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Saturday, July 10, 2004

(Small businesses) Toast and hairdressing franchises

Chosun Ilbo writes in its "People" section of a toast franchise owner Kim Sôk-pong, who started from a single snack cart and has now a chain franchise with 15 shops. He has published a book of himself called "Sôk-pong toast, the story of the yearly salary of 100 million won". [That's 67 000 €.] He still works from 6.30 to 11 every morning, and uses the rest of the day for community work in orphanages, old people's homes etc.

Note the text kôn'gang ("health") in the wall behind Mr Kim in the picture; perhaps "well-being" is not really a piece of his marketing yet, but if busy suit guys are his main customers, as I assume, he better give an impression of healthy sandwiches. (His own toast cart is in Mugyo-dong in the front of Kolon Building in downtown Seoul.)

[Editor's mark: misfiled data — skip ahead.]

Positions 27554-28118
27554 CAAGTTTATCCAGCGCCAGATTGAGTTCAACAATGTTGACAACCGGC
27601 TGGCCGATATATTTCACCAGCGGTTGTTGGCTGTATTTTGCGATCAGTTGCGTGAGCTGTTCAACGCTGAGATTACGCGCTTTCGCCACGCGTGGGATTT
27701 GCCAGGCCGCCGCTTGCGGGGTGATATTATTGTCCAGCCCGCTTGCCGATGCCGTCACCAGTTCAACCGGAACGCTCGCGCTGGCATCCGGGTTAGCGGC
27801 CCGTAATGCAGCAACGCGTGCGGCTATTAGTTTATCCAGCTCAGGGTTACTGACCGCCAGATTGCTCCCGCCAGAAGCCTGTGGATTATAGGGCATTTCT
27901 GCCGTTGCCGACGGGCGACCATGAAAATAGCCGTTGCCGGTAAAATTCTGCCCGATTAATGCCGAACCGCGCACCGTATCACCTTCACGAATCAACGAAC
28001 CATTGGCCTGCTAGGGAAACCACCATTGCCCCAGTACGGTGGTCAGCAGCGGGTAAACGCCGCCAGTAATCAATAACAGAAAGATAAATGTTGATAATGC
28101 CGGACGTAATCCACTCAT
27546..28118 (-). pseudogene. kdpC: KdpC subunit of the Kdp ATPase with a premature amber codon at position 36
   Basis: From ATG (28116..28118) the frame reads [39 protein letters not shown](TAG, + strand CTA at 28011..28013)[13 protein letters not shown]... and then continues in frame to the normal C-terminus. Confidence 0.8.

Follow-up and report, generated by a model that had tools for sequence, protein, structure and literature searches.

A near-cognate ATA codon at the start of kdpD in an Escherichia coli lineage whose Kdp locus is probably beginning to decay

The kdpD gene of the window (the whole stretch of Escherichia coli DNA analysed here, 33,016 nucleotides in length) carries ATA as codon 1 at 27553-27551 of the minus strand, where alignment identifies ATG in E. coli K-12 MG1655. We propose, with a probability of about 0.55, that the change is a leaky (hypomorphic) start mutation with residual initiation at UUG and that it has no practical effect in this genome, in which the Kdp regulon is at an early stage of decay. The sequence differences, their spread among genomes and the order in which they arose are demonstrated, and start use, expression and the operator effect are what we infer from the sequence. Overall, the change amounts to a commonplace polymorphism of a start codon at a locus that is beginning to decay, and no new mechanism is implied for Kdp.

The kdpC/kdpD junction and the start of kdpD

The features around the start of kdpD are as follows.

The other franchise owner is Ch'oe (Choi) Pok-sik, who opened her first hairdressing shop in 2000, and now has four franchise shops in her chain Môri mot hanûn chip (Shop that doesn't know how to do hair). (Hankyoreh21, registration obviously not needed.) The article tells that the business operating principles are exceptional; in my view not having hair-washer assistants is nothing special, as so many hairdressers work alone, but such a wide variety of pricing shouldn't be that common. From the most simple men's (no, "men students'") haircut for 3000 won to 100 000 W perms. The hair needs to be cut the bigger the price. Getting hair washed costs extra as well as drying. Now that's Westernization! That sounds like taking money for another filling of side dish at a meal.

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